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06.11.14. London. The Jewish Museum London today announced their partnership with the Jewish Military Museum.
The Jewish Museum London will assume care and responsibility for the Jewish Military Museum’s entire collection of over 4,000 objects and its learning programme. This collection, currently housed at the Jewish Military Museum in Hendon, focuses on the stories of individual Jewish men and women who have served in the British Armed Forces for over three centuries.
From spring 2015, objects from the Jewish Military’s Museum’s collection will be integrated into the Jewish Museum’s permanent galleries.
The collection includes personal letters, diaries and photographs, souvenirs of soldiers at war, medals, uniforms and other military artefacts. Highlights include original handwritten posters by the first Jewish chaplain on the Front Line, Reverend Michael Adler; the diary of Florence Greenberg (née Oppenheimer), a World War I nurse who served on a hospital ship at Gallipoli and later became a best-selling Jewish cookery writer; the Victoria Cross of Tommy Gould, who saved the lives of those aboard his submarine, HMS Thrasher, at immense personal risk; and the Association of Jewish Ex-Servicemen and Women (AJEX) Memorial Window, designed by Abram Games, and already on display in the Jewish Museum.
Abigail Morris, Chief Executive of the Jewish Museum London, said:
“The addition of these fascinating objects to the Jewish Museum will enrich our storytelling and allow us to highlight the contribution of Jewish Servicemen and Women to Britain. This partnership is also an important step in the Jewish Museum’s ambitions to be a hub for British Jewish culture, history, and identity.”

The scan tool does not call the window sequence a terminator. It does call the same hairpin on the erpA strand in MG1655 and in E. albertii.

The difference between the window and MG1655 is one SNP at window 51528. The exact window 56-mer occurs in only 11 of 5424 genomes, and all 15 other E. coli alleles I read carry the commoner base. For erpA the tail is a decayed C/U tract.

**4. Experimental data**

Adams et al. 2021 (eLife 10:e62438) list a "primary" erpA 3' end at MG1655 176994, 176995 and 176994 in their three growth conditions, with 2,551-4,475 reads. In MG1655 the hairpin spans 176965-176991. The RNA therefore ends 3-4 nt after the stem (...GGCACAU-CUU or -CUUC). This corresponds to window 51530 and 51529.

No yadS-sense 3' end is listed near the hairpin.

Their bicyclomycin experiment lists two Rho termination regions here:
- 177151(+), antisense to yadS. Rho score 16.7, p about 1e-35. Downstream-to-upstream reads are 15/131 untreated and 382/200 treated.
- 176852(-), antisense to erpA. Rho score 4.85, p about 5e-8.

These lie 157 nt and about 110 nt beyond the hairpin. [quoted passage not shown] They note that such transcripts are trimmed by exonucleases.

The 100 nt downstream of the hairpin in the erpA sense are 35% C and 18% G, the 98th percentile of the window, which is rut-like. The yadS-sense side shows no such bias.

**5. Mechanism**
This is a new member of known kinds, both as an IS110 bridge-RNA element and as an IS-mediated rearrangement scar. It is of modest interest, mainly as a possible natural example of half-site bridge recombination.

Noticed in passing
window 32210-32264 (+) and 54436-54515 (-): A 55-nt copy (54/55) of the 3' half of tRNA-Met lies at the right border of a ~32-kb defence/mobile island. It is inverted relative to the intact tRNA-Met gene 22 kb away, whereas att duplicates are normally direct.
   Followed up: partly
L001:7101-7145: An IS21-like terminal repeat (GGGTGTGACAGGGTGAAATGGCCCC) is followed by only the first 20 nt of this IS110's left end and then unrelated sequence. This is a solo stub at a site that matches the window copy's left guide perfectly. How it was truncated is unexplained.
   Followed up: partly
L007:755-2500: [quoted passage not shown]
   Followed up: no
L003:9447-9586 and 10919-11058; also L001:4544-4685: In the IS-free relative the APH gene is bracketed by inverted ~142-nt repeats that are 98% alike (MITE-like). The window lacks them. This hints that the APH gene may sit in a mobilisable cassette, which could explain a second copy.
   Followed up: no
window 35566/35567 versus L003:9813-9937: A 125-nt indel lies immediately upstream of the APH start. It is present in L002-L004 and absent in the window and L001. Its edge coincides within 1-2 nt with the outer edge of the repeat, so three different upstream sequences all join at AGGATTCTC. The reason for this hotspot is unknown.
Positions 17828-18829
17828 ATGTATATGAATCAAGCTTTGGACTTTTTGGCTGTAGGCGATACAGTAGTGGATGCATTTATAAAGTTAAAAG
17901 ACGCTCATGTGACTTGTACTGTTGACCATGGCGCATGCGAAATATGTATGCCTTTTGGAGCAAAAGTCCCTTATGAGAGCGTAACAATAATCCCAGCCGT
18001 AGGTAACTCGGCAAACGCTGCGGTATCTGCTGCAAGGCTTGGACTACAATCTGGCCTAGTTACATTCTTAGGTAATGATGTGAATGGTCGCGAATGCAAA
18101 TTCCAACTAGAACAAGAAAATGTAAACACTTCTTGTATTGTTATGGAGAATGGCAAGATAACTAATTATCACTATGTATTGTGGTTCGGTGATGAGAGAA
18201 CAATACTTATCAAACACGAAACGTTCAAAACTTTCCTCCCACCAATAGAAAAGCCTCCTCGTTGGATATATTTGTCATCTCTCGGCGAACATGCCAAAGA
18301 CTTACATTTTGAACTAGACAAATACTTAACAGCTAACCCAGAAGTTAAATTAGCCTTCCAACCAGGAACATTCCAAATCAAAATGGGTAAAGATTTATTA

Henry Morris, Founder and President of the Jewish Military Museum, said:
“The Jewish Military Museum was founded in 1996 by the Association of Jewish Ex-Servicemen and Women (AJEX) to honour the service given by Jews to the British Armed Forces from the 18th century until the present day. During this time 200,000 Jews have served, more than 6,000 died and many more have been wounded. They have also served with distinction; eight Jewish soldiers have received the Victoria Cross. Our partnership with the Jewish Museum London will illustrate this clearly as a fundamental part of the history of Anglo-Jewry.”
Jeffrey Fox, National Chairman of the Association of Jewish Ex-Servicemen and Women of which the Jewish Military Museum has been a very important part since its inception, said:
“AJEX is proud to have supported the creation of the Jewish Military Museum and hope that the move to the Jewish Museum will allow more people to see the collection and ensure that its future is secure.”
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About Jewish Museum London
The Jewish Museum London is for people of all backgrounds and faiths to explore Jewish heritage and identity as part of the wider story of Britain. Displayed across four permanent galleries, the huge variety of objects, photography, hands-on exhibits and personal stories paint a rich and nuanced picture of British Jewish life and history.
The only museum in London dedicated to a minority community, the Museum’s expansion and redevelopment in 2010 was supported by a £5m grant from the Heritage Lottery Fund. The museum also houses a café, shop, 100-seat auditorium, and education space.
Address: Jewish Museum London
Raymond Burton House
129-131 Albert Street
London NW1 7NB
Tube: Camden Town
Opening: Sunday - Thursday: 10am - 5pm, Friday: 10am - 2pm
About the Jewish Military Museum thejmm.org.uk
The Jewish Military Museum grew out of a collection of memorabilia from the Association of Jewish Ex-Servicemen and Women (AJEX). As more objects were collected, Henry Morris, an AJEX Vice-President, curated the first museum at AJEX House, Stamford Hill. In 2004 the museum reopened in Shield House in Hendon and has remained there ever since.
About the Association of Jewish Ex-Servicemen and Women (AJEX)
AJEX is proud to have supported the creation of the Jewish Military Museum. The Jewish Military Museum has a membership body of over 4,000 individuals who served in the British Army, either during or after the Second World War. The work of AJEX focuses on three main areas: Remembrance for the sacrifices of the past, Support for those in need presently, and Education for the future.
The Jewish Museum and Jewish Military Museum partnership project has been supported by Pears Foundation.
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